Beauty and Comfort of New Sidewalks

The beginning of Fall in Tula was marked by rain, cold and … massive repairs of sidewalks.  The city was changing old asphalt for new sidewalk tiles and doing it swiftly and with a lot of determination.  Numerous crews worked on various streets removing the old pavement completely, literally to the ground.  The city’s view expressed by various officials in the press was that putting new tile would improve comfort and safety (in rain and snow) of walking and even refine the city aesthetically.  An excellent idea, indeed, it would probably be even better if done gradually.  But in the center of the city the pavement has been removed on both sides of streets simultaneously making the process of walking if not impossible than certainly not comfortable for several weeks.

Hearing some people (especially women who wear high hills everyday) complain about impassible sidewalks made me side with the city’s administration.  I mean, we want comfort and safety but we can’t change our preferences in shoes for several weeks!  One can wear rubber boots, or better not walk altogether but drive, or, alternatively, use the road part of the street for walking (exactly what some were doing!)  But seriously, I think the city has done a good job and crews, working on both sides of the street, were able to finish their work earlier.  I have to admit, that this realization comes after the completion of the work, though.  

Here is a street with asphalt removed.


Same street, now with new tiles.

Tiled sidewalks do look much better now.  They do improve appearance of streets.  What is more important, they now have ramps.  Some of new pavements still have some minor defects but those could be, and hopefully will be, quickly eliminated.  Especially, since the tiles are produced at the Braer factory, a building materials manufacturer that has been opened in Tula region recently.

Gone with the asphalt were various dissimilar kiosks that used to sell cigarettes, soda, bread and other small goods, and old bus stops.

In their place – new bus stops.  Transparent and adorned with Tula's coat of arms decals.


Old Wooden Houses

Despite the changes in Tula’s canvas throughout the last century and more recently, there still exist whole areas in the heart of the city that have preserved their appearance almost completely.  There are several streets in the center of the city that are almost totally comprised of old wooden town houses.  Sergei Gusev, a historian of Tula whose books I have mentioned in my earlier posts, writes that in pre-revolutionary times these quarters have been favored by the city’s professionals such as lawyers and doctors.  To this day many of these houses still stand unaltered.  And although some look unpopulated, some have been restored by new owners and others are neighbors to an occasional office or a big apartment complex constructed recently, an atmosphere of an old city remains here.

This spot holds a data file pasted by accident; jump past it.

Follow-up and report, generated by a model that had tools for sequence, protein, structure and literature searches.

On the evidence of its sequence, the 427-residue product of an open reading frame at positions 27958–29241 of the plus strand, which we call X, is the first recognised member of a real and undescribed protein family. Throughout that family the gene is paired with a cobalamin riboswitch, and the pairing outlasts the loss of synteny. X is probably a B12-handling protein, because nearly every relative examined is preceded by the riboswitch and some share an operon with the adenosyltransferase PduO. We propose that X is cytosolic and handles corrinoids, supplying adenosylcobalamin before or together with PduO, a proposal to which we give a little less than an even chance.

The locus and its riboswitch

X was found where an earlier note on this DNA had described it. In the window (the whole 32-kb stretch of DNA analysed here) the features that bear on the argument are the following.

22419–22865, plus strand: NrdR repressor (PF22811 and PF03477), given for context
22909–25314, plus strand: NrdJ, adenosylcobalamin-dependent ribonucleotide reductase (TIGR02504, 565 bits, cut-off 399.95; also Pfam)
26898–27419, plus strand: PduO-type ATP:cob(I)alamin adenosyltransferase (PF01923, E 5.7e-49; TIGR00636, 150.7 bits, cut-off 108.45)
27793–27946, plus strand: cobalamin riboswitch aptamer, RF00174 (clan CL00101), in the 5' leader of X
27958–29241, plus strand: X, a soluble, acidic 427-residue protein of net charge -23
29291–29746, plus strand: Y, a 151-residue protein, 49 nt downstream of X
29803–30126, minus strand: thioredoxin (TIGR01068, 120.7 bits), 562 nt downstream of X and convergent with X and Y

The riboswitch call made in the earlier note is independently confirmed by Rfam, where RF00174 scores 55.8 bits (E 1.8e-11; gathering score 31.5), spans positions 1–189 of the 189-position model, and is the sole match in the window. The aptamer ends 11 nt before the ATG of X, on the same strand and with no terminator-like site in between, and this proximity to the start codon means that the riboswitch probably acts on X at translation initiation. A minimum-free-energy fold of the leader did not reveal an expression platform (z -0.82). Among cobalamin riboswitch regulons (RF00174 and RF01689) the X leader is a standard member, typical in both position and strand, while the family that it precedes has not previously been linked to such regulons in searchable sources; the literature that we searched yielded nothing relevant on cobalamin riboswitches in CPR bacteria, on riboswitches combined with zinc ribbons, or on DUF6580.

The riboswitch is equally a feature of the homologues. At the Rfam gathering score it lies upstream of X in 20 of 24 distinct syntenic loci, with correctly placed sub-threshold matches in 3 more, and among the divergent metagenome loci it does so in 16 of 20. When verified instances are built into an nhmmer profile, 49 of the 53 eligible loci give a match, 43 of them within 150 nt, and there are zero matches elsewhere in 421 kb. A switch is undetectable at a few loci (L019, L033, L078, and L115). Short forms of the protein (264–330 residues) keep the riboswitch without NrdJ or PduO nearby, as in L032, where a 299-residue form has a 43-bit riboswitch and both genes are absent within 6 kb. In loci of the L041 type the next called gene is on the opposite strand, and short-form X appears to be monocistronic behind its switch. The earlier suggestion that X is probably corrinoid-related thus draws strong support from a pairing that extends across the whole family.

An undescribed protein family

An old water pump.






A reflection of a new building constructed across the street.



Old gardens are in bloom every Spring here.








Tula Landscape: Unplanned Eclecticism

It has been a very long time since my last post to this journal! During this time spring has finally arrived, although belatedly this year. It snowed and then rained for several days making the sidewalks basically impassible. Then the snow started to melt away really quickly leaving rivers and lakes on city’s streets.

One day I was waiting for a bus that was late so it gave me more time for observation. It was really a fine day, water was running down streets, glistening in the spring sun, cleaning crews were trying to pick up the remaining piles of dirty snow, their special snow-picking machines looking like huge grasshoppers; cars, mostly muddy, were stuck in traffic, small taxi buses were speeding up and quickly stopping to unload their passengers; unhurried trolley buses were slowly floating through the morning streets and streetcars were trilling sharply to the cars that blocked the rails. And the canvas for this optimistic chaos was the similarly busy character of the city’s landscape, mainly its planning and architecture.



I already mentioned in one of the earlier posts that walking in Tula reminds me of archeology, or, to be more precise, of those cross-sections that are often used to illustrate archeological excavations. There you often see several levels of landscape, on top of each other, several time periods compressed in one spot. This is the feeling I often get being in Tula where pre-revolutionary wooden houses, apartments built in Khrushchev’s era, some shapeless creations developed recently and construction sites all coexist on one block. Undoubtedly, similar combinations exist in urban landscapes everywhere in the world but here centuries, styles, colors, and details not only converge but often collapse into each other creating an effect of stylistic disorder.